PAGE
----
Dear National Deer Management Coordinator,

Please accept this as a submission to the National Feral Deer Action Plan.

[Your personalised message will appear here] 

I am very concerned about the spread of deer and am pleased that a national plan has finally been developed. Without urgent action, funding and commitment from all levels of government it is clear that feral deer will continue to spread and damage our environment.

The feral deer population in Australia is growing rapidly and spreading across the country, damaging our natural environment, causing havoc for farmers and foresters and threatening public safety. Unlike much of the world where deer are native, our plants and wildlife haven’t evolved to deal with these heavy hard hooved animals with a voracious appetite.
With no natural predators and an ability to adapt to almost all environments, they could occupy almost all of Australia unless stopped. Despite this, state and territory governments have been slow to respond and in Victoria and Tasmania they are still protected by law for the enjoyment of hunters.

This plan should be adopted by all governments but must also be underpinned by dedicated funding and clear responsibilities. A plan without funding or accountability is a plan that will fail and Australia cannot afford for this to fail.

In order to prevent the spread of feral deer and reduce their impact on our native wildlife, ecosystems and agriculture, I ask that the following recommendations be adopted for the final National Feral Deer Action Plan:

1. All federal, state and territory governments should adopt the National Feral Deer Action Plan and declare feral deer to be a priority pest animal species.

2. All federal, state and territory governments should commit to:

  • Contain deer to the existing large population areas.
  • Reduce and eradicate smaller and isolated populations.
  • Protect important environmental assets such as world and national heritage areas.
  • Develop and fund regional plans and strategies to manage deer populations which involve land managers across all tenures.

3. In order to drive action and the success of this plan, there should be dedicated Commonwealth funding and support for:

  • A permanent national feral deer coordinator position.
  • A permanent federal feral deer action committee with representatives from the commonwealth and state and territory governments and the environmental and agricultural sectors.
  • An ongoing public education campaign on feral deer.
  • A network of regional feral deer coordinators to drive local action across tenures.

4. The expected outcomes for the plan need to be more ambitious, with clear interim targets including:

  • Within one year, all States and Territories should have in place arrangements to implement the National Feral Deer Action Plan, including allocating dedicated funding for implementation.
  • Within one year, feral deer management plans should be developed for key environmental assets of national significance, including the Tasmanian Wilderness World Heritage Area, the Greater Blue Mountains, the Australian Alps, the Gondwana Rainforests and the Wet Tropics of Queensland.
  • Within five years coordinated landscape scale management should be in place where land owners, land managers, government and community are demonstrably working together.

5. A national feral deer containment map with three zones should be adopted. It should be more ambitious than the zone map in the current draft plan and there should be greater clarity in the naming of the zones. Improvements that should be adopted include:

  • Renaming the zones to better reflect the management intention to ‘Containment Zone 1’ (the current large population zone), ‘Containment Buffer Zone 2’ (the current buffer zone) and ‘Eradication and prevention Zone 3’ (the current small isolated population zone).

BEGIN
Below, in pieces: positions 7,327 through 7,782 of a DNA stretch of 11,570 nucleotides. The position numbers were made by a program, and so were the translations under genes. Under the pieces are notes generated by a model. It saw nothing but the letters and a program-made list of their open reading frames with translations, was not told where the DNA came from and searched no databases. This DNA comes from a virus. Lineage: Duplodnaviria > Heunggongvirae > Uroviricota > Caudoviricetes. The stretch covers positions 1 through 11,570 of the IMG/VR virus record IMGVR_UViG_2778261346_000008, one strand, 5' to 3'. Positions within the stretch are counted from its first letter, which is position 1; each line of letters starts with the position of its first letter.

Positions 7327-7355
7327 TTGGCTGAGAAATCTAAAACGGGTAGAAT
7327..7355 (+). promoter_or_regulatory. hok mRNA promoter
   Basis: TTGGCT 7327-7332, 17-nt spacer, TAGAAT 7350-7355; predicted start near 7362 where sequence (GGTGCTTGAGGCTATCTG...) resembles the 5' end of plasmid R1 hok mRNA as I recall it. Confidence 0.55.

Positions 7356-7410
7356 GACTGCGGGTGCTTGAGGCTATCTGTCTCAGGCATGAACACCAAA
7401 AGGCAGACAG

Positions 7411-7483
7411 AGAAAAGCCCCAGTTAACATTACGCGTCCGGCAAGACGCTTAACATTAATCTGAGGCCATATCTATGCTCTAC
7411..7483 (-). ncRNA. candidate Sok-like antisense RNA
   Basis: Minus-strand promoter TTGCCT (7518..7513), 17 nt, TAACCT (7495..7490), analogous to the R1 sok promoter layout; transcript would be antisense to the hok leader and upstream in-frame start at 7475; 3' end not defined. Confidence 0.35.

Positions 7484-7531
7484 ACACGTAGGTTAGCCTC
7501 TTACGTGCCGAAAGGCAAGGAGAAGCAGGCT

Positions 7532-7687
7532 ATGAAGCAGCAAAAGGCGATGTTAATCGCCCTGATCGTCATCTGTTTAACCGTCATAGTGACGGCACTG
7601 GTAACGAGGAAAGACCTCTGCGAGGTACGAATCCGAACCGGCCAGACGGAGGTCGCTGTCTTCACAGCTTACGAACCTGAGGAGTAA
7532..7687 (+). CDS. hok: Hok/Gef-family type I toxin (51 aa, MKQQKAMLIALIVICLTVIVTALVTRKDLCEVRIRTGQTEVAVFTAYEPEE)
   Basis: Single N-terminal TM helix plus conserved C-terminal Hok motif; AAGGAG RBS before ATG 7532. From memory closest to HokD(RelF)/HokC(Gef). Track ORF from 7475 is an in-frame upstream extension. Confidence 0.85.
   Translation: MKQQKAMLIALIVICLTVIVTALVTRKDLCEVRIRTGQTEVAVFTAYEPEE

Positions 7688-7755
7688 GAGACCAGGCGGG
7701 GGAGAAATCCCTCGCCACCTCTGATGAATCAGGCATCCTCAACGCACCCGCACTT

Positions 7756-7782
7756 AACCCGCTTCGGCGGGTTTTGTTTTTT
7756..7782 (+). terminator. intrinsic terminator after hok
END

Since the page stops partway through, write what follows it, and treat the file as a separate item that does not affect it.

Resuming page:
• The NSW northern rivers area should be in the eradication and prevention zone as there are few feral deer currently in this region and eradicating isolated populations and preventing spread into this area is still possible.
  • The whole of South Australia should be in the eradication and prevention zone as eradication is the goal of the SA Government.
  • The Tasmanian region in the containment zone should be smaller to reflect greater ambition and potential for eradication of deer populations.
  • In eastern Victoria areas such as Wilson’s Promontory, Westernport islands and the Mornington Peninsula should be in the eradication and prevention zone.

6. There should be consistent laws and regulations across all states and territories that:

  • Recognise feral deer as a pest animal and treat them as such.
  • Establish a clear responsibility for all landholders and managers to be involved in feral deer control programs.
  • Set clear penalties to stop the wilful or negligent release of feral deer.
  • Prevent new deer farms in areas where no feral deer are present and phase out all deer farms in the eradication and prevention zone.
  • Enable enforcement of compliance, including on government land.

I support the follow principles being adopted in the final National Feral Deer Action Plan:

  • Feral deer are a pest and should be treated as such on all tenures, except on approved deer farms.
  • Federal, state and territory governments have a responsibility to fund the outcomes under this plan.
  • All land managers in areas where feral deer are present have a responsibility to be involved in feral deer control programs.
  • The focus of management efforts should be on eradication of isolated, satellite populations, protection of key environmental assets currently impacted and stopping the spread to new regions.
  • Feral deer control should be undertaken humanely, safely and professionally according to agreed protocols and all tools which meet this criteria should be adopted, including aerial control.
  • Funding for coordination, regional planning and community engagement is necessary for effective feral deer management.
  • Ongoing management and follow up control efforts are required to achieve long lasting results.
  • Rules and regulations should be consistent across jurisdictions and land tenures.
  • Recreational hunting is not an effective strategy for feral deer control and should not be relied upon.
[Your name]
[Your email address]
[Your suburb], [Your state]